At the Paris climate summit in December 2015 the 196 parties to the United Nations Framework Convention on Climate Change (UNFCCC) established a new international climate policy regime from 2020 onwards.
The Paris Agreement includes how to proceed with protecting the climate (mitigation), how to adapt to climate change (adaptation), and how to handle potential loss and damage, technology transfer and climate finance. The Nationally Determined Contributions (NDCs) are recognised internationally as each country’s way forward in mitigation and adaptation actions. Amongst the UNFCCC parties a key differentiation remains: developed countries are asked to act ambitiously and fast on mitigation, and to support developing countries financially and technically to deliver on their NDCs. For the first time, the participation in international climate policy is comprehensive, and accounting rules and transparency requirements for emissions data will apply to all countries in the same manner after 2020. Regular reviews will take place every five years in order to motivate an increase in ambitions towards the global temperature limit of 2 degrees Celsius and the financial commitments.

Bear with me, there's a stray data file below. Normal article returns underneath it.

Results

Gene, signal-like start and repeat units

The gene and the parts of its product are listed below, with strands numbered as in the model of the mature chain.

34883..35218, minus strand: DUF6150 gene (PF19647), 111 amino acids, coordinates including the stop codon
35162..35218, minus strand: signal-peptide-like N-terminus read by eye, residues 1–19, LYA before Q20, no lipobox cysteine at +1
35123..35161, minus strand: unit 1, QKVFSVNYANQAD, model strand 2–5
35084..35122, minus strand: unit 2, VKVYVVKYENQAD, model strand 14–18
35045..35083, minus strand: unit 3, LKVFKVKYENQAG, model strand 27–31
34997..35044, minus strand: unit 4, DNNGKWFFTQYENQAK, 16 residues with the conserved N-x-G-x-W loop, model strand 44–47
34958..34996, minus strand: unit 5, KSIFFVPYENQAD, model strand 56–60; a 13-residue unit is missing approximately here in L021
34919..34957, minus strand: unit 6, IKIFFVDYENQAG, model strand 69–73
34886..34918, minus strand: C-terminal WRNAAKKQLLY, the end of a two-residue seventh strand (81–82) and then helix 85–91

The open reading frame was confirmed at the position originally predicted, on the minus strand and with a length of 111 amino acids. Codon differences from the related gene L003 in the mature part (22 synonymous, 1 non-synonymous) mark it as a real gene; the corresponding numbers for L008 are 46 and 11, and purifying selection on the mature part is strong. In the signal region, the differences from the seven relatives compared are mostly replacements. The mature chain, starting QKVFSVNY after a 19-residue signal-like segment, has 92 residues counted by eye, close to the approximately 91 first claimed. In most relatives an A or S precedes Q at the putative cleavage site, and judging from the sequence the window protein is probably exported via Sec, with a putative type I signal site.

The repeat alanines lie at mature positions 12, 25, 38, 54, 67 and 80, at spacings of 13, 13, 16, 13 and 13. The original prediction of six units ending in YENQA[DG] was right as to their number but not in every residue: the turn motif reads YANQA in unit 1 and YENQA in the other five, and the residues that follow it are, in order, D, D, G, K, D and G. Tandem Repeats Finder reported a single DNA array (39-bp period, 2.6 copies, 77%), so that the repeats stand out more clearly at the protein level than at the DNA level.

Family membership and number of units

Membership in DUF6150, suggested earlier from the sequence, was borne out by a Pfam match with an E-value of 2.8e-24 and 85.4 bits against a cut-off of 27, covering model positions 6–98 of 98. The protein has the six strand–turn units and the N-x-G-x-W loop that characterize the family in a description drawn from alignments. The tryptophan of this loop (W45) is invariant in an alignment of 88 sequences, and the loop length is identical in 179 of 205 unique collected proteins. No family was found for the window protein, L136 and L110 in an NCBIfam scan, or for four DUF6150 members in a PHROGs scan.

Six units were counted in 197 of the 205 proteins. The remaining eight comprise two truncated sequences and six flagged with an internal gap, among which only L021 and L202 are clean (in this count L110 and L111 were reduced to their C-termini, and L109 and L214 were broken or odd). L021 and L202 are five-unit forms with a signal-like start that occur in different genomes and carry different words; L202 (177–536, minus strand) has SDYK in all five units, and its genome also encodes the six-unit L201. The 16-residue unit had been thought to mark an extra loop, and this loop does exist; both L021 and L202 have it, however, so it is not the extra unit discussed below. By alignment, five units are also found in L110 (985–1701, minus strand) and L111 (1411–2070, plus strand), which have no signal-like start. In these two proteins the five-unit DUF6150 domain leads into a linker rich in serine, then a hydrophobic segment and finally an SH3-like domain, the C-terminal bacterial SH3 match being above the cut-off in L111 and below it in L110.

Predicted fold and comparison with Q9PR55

The research paper elaborates how negotiations and the international energy and climate policy settings evolved since the Copenhagen climate summit and how the 21st Conference of the Parties (COP21) in Paris was prepared. It examines the national climate policy and climate diplomacy activities of the United States, China, India and the European Union as well as the building blocks of the new regime. The Paris Agreement sets a framework for an effective regime. Germany and the European Union will have to follow up in 2016 with own measures and with shaping further details of the regime.